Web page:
Possession by A.S. Byatt

If any book was made for a reread it’s Possession by Antonia Susan Byatt. The language lends itself to a slower reading with multiple pauses, not the way I read it. Initially I required pauses but as the book progressed I became breathless with anticipation. The story shifts from the past to the present and unlikely but delicious connections are forged. A literary mystery with a difference. I’m way under qualified to talk about Possession. Consider this a book appreciation post, if you may.

It was a slow start with too many characters and their backstories, with some passages dragging in between but the plot and the writing more than made up for it. I raced to the end, and this after having seen the film should tell you what kind of a book it is (more than my feeble attempt at a review!).

There are things that happen and leave no discernible trace, are not spoken or written of, though it would be very wrong to say that subsequent events go on indifferently, all the same, as though such things had never been.

This book made me work hard, like the few classics I have read do but none had actual poetry in them. The poems took me back to school (the way we were required to study it but we didn’t have long epic poems thankfully). The poems were interwoven so delicately that I actually read all of them though not in order and, of course, I couldn’t understand everything. Out of all the poems Swammerdam stood out for me.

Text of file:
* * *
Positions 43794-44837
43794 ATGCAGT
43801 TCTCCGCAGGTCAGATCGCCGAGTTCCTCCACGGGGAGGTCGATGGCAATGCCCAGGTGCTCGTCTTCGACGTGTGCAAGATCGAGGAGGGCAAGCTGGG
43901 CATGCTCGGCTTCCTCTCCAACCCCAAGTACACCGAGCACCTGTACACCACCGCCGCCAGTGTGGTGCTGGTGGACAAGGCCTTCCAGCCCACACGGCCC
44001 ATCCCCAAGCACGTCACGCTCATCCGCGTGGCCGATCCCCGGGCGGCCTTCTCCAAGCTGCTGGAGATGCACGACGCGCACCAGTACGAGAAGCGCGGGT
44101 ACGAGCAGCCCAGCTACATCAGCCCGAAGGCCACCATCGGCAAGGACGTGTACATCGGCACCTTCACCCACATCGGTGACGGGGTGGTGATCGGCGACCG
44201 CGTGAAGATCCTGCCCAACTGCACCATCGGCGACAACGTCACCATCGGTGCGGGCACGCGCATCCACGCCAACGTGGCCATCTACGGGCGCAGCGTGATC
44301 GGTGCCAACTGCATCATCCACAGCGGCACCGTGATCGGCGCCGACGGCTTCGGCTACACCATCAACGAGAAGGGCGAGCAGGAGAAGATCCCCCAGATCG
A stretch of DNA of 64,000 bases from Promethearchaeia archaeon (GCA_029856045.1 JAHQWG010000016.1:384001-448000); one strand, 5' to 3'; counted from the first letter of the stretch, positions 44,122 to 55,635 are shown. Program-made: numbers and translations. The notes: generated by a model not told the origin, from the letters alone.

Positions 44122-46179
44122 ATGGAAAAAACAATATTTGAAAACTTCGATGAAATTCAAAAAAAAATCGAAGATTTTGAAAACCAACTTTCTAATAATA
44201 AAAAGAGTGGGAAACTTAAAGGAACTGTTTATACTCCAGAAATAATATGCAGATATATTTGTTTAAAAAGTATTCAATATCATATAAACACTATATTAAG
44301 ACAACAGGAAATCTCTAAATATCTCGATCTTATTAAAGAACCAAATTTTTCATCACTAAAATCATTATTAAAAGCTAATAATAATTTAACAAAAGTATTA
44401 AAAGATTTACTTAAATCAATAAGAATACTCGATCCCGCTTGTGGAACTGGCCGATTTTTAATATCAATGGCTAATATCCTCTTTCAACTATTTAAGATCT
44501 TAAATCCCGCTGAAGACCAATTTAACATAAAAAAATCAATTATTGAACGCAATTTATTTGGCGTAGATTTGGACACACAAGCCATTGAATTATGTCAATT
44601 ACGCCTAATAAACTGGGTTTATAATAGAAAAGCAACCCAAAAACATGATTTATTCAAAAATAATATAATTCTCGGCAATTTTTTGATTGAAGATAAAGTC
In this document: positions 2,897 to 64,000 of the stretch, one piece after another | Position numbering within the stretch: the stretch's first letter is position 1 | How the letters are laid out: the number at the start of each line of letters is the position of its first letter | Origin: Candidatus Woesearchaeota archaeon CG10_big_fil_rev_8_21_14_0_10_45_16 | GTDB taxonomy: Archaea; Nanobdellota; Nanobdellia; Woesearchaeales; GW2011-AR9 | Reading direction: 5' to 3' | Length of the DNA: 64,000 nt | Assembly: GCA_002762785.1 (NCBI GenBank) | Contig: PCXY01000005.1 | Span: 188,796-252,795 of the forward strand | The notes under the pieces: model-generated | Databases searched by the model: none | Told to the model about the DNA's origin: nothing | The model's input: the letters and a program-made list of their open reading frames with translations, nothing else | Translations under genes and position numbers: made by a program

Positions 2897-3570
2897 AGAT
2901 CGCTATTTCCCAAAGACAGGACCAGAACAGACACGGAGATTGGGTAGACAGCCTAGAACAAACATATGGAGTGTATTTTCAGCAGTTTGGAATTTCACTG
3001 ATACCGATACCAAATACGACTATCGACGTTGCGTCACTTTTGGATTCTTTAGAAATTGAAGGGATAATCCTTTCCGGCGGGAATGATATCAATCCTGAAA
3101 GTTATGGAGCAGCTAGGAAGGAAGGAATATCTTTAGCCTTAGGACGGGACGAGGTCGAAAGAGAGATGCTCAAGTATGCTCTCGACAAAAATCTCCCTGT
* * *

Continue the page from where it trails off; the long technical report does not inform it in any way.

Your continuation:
What surprised me was the amount of natural science present in this book about the Victorian romance of two poets. And it is clever because the year 1859 was an important year for biology. It was the year Charles Darwin’s On the Origin of Species was published. I could appreciate the book better because I knew some of the things being talked about. Who would have thought my biology background would lead to a greater appreciation of this splendid book.

I loved the book and won’t be forgetting it in a hurry but I am unimpressed after seeing the film a second time. There are huge chunks missing from the film and it would perhaps work better as a miniseries. Everything was so¬† elegant in the book which isn’t the case with the film. I read Possession 27 years after its publication (it won the Man Booker Prize in 1990) and it’s a book which commands all the attention you could possibly give it. Finishing the book I realize it would have been stunning had I not seen the film; the suspense would have been nail biting. Until I fancy a reread there is The Children’s Book and Angels and Insects to plough¬†through.